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, 74 (5), 928-33

Sleep Disturbance as a Universal Risk Factor for Relapse in Addictions to Psychoactive Substances


Sleep Disturbance as a Universal Risk Factor for Relapse in Addictions to Psychoactive Substances

Kirk J Brower et al. Med Hypotheses.


Relapse to uncontrolled use of a psychoactive substance is arguably the single most defining characteristic of an addiction. Relapse following addiction treatment is very common with serious consequences to individuals, families, and the public system of care, making predictors of relapse a highly significant area of study. Before the turn of the century, most of the addiction treatment outcome literature focused on psychosocial predictors of relapse. More recently, investigating biological predictors of relapse specifically and treatment outcome broadly has gained momentum. This line of research has linked sleep disturbances to the risk of relapse among persons who are recovering from an alcohol addiction. Given common neurobiological and psychosocial processes in sleep and addictive behaviors, we hypothesize that the link between sleep disturbance and relapse risk observed among alcohol addiction generalizes to all other types of psychoactive substances. This hypothesis has the potential for helping develop more effective and targeted treatment approaches for persons with addiction. As initial support for the hypothesis, this paper reviews evidence on common neurobiological processes among various types of psychoactive substances that suggests sleep is a universal risk factor for relapse. A conceptual framework is also presented to articulate causal mechanisms. The paper concludes with implications for research and practice.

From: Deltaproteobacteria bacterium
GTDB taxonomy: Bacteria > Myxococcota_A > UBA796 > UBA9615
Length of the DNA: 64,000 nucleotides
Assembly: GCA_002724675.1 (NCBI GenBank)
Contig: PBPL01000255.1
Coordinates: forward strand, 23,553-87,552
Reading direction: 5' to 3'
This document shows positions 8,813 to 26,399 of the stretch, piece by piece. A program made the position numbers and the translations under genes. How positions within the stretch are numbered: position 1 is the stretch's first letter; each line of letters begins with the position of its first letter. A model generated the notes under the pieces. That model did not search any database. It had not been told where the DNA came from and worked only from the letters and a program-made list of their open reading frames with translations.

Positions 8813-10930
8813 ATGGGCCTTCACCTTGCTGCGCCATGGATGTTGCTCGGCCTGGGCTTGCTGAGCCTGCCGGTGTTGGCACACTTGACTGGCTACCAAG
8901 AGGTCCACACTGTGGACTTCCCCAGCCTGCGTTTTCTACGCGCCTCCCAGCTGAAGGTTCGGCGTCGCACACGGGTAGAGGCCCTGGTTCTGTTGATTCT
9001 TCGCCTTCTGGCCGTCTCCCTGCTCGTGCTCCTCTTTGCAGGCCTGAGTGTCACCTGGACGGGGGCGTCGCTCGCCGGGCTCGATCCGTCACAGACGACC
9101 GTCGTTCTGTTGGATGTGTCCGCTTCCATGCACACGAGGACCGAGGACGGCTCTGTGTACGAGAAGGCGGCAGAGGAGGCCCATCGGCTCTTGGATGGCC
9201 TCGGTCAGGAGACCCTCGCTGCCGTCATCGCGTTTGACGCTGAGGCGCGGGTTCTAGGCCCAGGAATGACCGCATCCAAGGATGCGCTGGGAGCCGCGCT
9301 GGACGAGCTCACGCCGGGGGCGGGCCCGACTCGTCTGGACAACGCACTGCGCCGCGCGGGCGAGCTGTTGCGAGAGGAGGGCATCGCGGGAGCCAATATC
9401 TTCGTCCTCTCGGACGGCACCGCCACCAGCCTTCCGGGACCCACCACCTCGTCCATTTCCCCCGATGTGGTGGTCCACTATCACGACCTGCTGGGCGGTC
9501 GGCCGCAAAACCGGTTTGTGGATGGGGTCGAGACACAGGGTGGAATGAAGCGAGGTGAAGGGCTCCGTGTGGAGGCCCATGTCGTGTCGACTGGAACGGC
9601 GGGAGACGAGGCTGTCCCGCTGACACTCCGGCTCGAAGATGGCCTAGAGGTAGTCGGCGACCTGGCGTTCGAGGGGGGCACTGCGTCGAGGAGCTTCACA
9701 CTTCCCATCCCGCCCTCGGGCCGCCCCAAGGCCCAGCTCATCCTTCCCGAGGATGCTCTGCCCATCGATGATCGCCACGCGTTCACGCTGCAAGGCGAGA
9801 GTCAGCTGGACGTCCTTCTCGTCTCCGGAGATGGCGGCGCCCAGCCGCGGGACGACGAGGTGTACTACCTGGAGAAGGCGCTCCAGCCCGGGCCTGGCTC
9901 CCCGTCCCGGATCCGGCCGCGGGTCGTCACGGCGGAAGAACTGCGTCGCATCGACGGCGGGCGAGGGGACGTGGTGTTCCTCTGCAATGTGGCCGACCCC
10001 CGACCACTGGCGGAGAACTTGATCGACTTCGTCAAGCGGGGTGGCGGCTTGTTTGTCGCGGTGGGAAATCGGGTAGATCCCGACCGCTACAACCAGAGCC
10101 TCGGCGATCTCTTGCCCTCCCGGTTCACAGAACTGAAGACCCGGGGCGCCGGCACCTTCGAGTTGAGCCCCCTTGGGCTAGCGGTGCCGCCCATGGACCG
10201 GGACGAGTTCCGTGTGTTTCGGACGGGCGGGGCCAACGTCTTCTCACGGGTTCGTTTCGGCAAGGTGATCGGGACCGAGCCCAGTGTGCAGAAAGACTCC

Conflict of interest statement

Conflicts of Interest Statement

None Declared

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